Diddy threw his outsized support behind friends and Verzuz co-founders Timbaland and Swizz Beatz and hinted at a similar So So Def battle after the duo sued social media app Triller for $28 million over alleged missing payments.
In the suit, filed on Tuesday, Swizz and Timbaland — whose real names are Kaseem Daoud Dean and Timothy Mosley — alleged that they’d been trying to get the remainder of their earnings from the sale of Verzuz to Triller since the beginning of 2022. With the Verzuz acquisition, Triller “unequivocally and unconditionally guaranteed to Mosley and Dean the payment and performance of Triller Hold’s obligations under that agreement and related agreements,” the suit said.
Verzuz secured a deal with Apple in 2020, and by 2021, Triller, looking for content to compete with TikTok, bought the show. As the suit claims, under their original deal, Triller, which officially closed the Verzuz purchase on January 21, 2021, was to pay Dean and Mosley both shortly after the deal and on the first and second anniversary of the purchase. Triller paid the duo in January and April 2021, the suit says, but by January 28, 2022, the company had allegedly defaulted on its next required payment.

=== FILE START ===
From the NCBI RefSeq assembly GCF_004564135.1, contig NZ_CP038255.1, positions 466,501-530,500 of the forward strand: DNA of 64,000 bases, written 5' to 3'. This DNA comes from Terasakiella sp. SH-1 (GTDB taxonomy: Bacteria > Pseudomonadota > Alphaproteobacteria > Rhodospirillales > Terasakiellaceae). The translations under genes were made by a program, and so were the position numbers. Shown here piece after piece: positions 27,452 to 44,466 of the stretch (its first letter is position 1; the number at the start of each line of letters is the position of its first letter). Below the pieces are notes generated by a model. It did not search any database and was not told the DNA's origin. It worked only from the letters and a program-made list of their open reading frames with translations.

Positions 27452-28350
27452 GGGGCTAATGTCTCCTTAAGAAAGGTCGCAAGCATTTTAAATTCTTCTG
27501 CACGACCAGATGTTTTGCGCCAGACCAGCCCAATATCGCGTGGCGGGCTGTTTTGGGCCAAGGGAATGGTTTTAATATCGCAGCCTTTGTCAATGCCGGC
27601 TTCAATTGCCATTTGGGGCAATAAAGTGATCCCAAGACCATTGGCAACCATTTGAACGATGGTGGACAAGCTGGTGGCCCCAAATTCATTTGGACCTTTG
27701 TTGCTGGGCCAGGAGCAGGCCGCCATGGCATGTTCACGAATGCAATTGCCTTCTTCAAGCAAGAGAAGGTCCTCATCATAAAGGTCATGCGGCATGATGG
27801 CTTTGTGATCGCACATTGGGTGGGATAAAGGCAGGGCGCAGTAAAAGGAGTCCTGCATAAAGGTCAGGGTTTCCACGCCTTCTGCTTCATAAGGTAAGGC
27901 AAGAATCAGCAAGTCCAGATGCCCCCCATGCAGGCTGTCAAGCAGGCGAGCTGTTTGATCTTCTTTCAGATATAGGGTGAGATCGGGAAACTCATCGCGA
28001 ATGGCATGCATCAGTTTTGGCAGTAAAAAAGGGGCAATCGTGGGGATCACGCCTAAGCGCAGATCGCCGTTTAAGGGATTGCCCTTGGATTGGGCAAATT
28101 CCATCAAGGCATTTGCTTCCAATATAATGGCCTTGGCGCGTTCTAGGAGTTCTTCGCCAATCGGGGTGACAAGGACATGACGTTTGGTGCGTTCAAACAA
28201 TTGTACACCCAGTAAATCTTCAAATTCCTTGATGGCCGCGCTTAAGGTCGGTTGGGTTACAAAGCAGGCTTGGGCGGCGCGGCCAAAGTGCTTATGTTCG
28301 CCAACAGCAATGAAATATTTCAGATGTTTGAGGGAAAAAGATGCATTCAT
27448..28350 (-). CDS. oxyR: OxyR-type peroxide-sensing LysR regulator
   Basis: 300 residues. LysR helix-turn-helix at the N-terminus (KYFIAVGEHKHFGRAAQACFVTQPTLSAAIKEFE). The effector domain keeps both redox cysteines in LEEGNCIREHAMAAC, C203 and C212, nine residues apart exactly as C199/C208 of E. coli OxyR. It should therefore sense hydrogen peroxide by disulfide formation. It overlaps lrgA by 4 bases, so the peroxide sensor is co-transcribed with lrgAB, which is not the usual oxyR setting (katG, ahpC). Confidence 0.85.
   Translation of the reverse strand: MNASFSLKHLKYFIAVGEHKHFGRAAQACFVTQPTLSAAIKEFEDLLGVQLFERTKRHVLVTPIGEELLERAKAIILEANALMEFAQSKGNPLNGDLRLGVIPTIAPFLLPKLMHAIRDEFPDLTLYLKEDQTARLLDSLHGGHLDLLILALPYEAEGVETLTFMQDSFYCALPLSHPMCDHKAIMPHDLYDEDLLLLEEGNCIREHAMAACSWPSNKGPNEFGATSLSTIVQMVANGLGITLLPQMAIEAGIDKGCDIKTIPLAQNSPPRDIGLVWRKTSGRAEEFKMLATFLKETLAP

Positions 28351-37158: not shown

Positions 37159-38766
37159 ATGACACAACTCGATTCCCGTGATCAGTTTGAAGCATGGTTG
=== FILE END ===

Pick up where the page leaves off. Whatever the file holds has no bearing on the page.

“Since we ain’t fuckin’ with [Triller] no more, since they’re fuckin’ around with our boys, we don’t need to be going against each other,” Diddy said to So So Def founder Jermaine Dupri. “Let’s come together and do that Bad Boy-So So Def in Atlanta. It ain’t no Verzuz, it’s just hit-for-hit.”
“We’re not fuckin’ with Triller until they take care of Swizz and Tim for Verzuz,” he said later. “Nobody fucks with Triller until they take care of Tim and Swizz for Verzuz, ’cause Tim and Swizz is Verzuz.”
Last September, Dupri challenged Diddy to a Verzuz battle, but Puff countered on Twitter that Dupri “aiint got enough hits.” “I’ll smash you with just biggie n Mary,” he added. “But I do have the upmost respect on you as a musical legend.”
A rep for Triller responded to TMZ on Mosley and Dean’s lawsuit. “Only one payment of $10 million is in question,” the rep said. “We do not believe they have met the thresholds for that payment yet, which include, but are not limited to, delivery of a set number of Verzuz events for 2022. We have been trying to resolve this amicably and this does not affect Verzuz operations or Triller’s ownership of Verzuz. If this does proceed in court, we look forward to a judgment that weighs all the facts.”